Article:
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My only experience with Machine Learning is Andrew Ng's Coursera course, but I did work through that just fine and passed with 100%.

I decided to practice by making up some problems and solving them. My idea was to create a simple tic tac toe game, and have it just play millions of random games, and use the data to learn to predict the next move based on sequences that won in the past.

Is it reasonable to expect to learn to predict a good move from 1 million samples of games that player X won?

I have a function getWinSequences('X', 1000000) that returns of list of sequences that win for X. A sequence represents series of choices, 1 to 9, on the game board.

The board would look like this:

1|2|3
-----
4|5|6
-----
7|8|9

So WinsX looks like this:

[
    [4,2,5,3,6],
    [1,4,2,8,3],
    [1,2,4,3,5,8,9]
]

So in the first sequence, that means that player X chose 4, O chose 2, X chose 5, O chose 3, X chose 6

So X won with 3 in a row, 4,5,6 ([4,2,5,3,6])

Now, I'm not doing machine learning on the winning sequences, because I want the program to get a "current board position" not a sequence. In other words, given a board with none or some X's and O's, assuming it's player X's turn, predict a good move (1-9) based on past observations a boards, and knowledge of the next move that was chosen

So I have a function that converts a winning sequence into a series of board positions, and a label saying which move is next.

So the actual data that I train on is like this

X[0] = [0,2,2,
        1,1,0,
        0,0,0]
y[0] = 6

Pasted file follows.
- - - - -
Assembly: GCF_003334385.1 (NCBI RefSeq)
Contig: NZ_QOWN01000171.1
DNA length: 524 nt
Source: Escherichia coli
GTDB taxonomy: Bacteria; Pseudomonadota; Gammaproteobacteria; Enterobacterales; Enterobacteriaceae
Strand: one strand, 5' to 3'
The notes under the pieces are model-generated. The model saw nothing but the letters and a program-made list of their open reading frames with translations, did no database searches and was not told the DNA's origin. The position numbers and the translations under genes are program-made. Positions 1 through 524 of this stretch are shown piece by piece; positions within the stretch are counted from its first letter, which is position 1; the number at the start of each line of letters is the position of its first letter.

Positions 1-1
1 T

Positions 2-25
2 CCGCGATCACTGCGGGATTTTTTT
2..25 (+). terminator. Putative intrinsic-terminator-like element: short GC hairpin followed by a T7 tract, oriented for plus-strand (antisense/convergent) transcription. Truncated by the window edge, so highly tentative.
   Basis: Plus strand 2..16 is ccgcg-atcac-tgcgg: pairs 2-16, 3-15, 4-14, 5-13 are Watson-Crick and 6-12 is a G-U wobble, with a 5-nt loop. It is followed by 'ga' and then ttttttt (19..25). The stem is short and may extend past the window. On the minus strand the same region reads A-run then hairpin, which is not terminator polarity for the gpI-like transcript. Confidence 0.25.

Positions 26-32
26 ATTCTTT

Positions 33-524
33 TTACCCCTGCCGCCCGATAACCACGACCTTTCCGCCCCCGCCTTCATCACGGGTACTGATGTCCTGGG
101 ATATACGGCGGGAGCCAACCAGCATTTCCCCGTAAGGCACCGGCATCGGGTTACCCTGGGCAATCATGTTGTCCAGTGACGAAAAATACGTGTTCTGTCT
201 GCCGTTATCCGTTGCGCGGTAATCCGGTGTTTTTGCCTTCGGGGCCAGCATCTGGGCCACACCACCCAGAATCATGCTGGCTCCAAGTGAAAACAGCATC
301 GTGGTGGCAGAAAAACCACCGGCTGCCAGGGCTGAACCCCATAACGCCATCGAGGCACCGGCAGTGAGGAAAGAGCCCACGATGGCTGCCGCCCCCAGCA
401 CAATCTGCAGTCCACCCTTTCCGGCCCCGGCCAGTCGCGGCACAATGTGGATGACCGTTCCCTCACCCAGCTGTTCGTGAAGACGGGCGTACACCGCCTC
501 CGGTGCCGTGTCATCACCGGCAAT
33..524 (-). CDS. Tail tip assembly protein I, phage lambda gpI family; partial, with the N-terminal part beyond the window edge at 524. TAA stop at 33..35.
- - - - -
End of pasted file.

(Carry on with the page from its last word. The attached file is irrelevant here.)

0 means empty, 1 means an X is there, 2 means a Y is there. So based on my winning sequences, I am able to automatically label that position as "6", because the board is a recreation of what the board looked like just before we "randomly" won by choosing 6.

Because I want to be able to predict a good move even if there is no winning move, then whenever I have a winning sequence, I don't just create a board as it was just before the win, I create a board for every step along the way of a winning sequence, and label it with the next move from the winning sequence.

So a winning sequence will usually result in 3 to 5 examples of a board position, and a label (1-9) saying what the move for that board should be.

I figured that with a million examples of winning sequences, and the board positions that led to the win, I would be able to predict the next move. Is that reasonable? If so, what is a good way to train on the data? When I trained on 1 million examples, I got a score of .29 from GradientBoostingClassifier.

the relevant code looks like this:

winsX = getWinSequences('X', 1000000)
samplesX = samplesFromWins(winsX)

X = [row[:9] for row in samplesX]
y = [row[9] for row in samplesX]

X_train, X_test = X[:700000], X[700000:]
y_train, y_test = y[:700000], y[700000:]

print("got data, ready to train")

clf = GradientBoostingClassifier(n_estimators=100, learning_rate=1.0,
    max_depth=1, random_state=0).fit(X_train, y_train)

print(clf.score(X_test, y_test))

I just want to know if I'm on the right track, or if there is a fundamental flaw in what I'm doing.

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The main flaw in this method is the following one. You want to predict a move that leads to winning, but instead the model you use tries to guess one certain move from the database that may lead to winning. To fix that, at least you should estimate your model performance not by predicting the “correct” move for the test example, but by the rate of wins it actually achieves. In most cases, there is no single correct move, since multiple moves can lead to winning. For example, for your object

X[0] = [0,2,2,
        1,1,0,
        0,0,0]

the most reasonable prediction is 6, although the training set probably also contains 9, since it may eventually lead to winning as well. However, the move 9 is worse than 6: the rational opponent would win in that case. However, the model treats that moves equally since the training set lacks any losing strategies.